I choose to include flies used in the salt. Saltwater fly fishing has been around for a while and seems to be gaining traction. Anglers here in the US are fishing the salt in all the coastal states for a variety of species even sharks. Offshore species are also fished for like Tuna, Sailfish, and Marlin. Bonefish are chased on subtropical and tropical flats.
We can catch just about any fish in the upmost water column with a fly. Fly fishing the salt demands long casts, far longer than is required trout fishing. Practice until you easily clear 50-60´ otherwise you are going to have problems in the salt.
You have tops two opportunities to get your fly to a fast-moving saltwater fish. They have no holding places and are constantly on the move. You have to search for them, and blind casting is not productive. Besides the distance you have to master, you also have to be fairly quick. Then there is the wind that is always blowing, and there is no shelter. All these considerations demand that you can cast well. It is very simple to be successful in salt – practice practice practice.
The flies in the salt are mainly of the streamer variety. We like to cast something big, and something that could look like a baitfish to the bigger species. We also have some shrimp and crab imitations fished deep to fill up our boxes. Clousers and Lefty’s Deceiver are the best-known salt flies. In the salt, we can enjoy success fishing surface flies. Poppers, Gurglers, and Crease flies are used. Fairly big flies that make some commotion when retrieved. When these flies are attacked in the surface you are in for a treat. The Poppers make a popping sound when you pull the line hard and short. The Gurglers gurgle when pulled. The Crease fly pushes water and disturbs the surface like the Poppers and Gurglers. Big fish will get curious and they check out the commotion. The Clouser Minnow is used by all saltwater anglers in various sizes and color combinations. It is weighted with “eyes” tied transversely onto the top of the shank behind the hook eye. It, therefore, swims “eyes” down and hook up, decreasing snagging. The traditional colors were white and chartreuse. White and any color can work. This fly has caught the most different species of fish that I know about and catches in freshwater too. Lefty’s Deceiver is not far off in usefulness. There are many flies mimicking bait, and one such is the Gummy Minnow used for the False Albacore.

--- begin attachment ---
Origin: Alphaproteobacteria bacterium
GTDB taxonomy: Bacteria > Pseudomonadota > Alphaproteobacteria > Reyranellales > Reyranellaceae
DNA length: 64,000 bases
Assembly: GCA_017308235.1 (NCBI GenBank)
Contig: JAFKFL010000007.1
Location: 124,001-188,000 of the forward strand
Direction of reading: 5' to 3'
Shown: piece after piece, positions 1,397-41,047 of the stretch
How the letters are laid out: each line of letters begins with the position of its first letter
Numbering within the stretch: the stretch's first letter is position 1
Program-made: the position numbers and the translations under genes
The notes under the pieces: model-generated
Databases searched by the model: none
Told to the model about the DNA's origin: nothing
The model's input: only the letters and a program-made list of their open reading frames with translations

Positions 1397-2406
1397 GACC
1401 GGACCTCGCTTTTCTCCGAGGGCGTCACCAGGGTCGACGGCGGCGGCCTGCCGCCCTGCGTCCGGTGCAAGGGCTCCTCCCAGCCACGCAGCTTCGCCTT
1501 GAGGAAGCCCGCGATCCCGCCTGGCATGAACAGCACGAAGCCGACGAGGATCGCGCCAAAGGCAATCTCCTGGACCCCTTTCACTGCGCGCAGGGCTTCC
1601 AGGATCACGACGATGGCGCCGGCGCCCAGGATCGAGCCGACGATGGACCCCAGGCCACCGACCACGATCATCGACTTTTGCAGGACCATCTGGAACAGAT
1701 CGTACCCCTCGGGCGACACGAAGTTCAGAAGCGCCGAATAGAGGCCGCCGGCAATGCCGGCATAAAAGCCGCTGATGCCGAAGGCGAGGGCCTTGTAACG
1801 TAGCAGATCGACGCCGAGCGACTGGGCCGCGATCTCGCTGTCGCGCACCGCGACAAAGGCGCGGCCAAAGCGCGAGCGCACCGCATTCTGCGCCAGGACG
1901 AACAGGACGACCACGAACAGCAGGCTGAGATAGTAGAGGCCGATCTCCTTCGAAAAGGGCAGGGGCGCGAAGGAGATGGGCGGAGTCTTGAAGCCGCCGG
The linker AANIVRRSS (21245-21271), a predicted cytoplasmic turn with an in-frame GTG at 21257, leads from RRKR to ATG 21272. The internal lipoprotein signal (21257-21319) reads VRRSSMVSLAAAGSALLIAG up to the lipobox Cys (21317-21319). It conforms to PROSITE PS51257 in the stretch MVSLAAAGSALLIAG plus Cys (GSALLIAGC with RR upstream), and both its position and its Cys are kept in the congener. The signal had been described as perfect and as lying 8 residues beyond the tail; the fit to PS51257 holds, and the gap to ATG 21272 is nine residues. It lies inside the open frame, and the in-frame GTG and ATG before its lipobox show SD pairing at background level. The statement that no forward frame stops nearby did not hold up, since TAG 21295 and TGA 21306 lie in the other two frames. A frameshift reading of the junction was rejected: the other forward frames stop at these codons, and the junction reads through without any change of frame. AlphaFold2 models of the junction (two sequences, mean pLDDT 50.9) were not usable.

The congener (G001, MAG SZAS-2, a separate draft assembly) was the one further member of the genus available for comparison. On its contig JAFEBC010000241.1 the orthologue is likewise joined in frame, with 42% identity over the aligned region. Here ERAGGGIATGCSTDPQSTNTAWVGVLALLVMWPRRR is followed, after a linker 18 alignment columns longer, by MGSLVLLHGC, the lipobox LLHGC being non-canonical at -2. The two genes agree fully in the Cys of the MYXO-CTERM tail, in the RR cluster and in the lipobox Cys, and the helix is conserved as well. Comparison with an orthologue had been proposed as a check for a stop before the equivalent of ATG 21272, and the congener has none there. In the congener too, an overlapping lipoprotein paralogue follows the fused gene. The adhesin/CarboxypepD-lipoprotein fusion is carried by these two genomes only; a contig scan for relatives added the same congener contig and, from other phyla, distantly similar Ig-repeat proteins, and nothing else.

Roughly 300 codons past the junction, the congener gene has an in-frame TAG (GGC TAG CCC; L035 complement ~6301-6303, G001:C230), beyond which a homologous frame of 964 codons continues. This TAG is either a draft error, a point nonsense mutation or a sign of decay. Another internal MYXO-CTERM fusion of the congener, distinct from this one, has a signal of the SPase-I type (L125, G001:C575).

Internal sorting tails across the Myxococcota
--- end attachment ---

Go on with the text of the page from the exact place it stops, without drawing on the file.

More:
The tube flies are especially practical in the salt. Saltwater corrodes metal and the hooks will get destroyed, and that is it for that fly. This is not the case with the tubes where you just change the hook and can choose to use various hook sizes with your tube. It is easy to make a long but light tube fly and attach a small short shank hook. The same fly tied conventionally will be much heavier, and considerably harder to cast, because of the long shank weight. In my opinion, it is easier to strip strike to get a solid hook up with a smaller hook than a larger one. The tubes can be fished in and under the surface, and it is an easy matter to weigh them. I just copy the old standbys onto my tubes. Instead of “eyes,” I prefer cones for weight since they have less air resistance, hence easier to cast.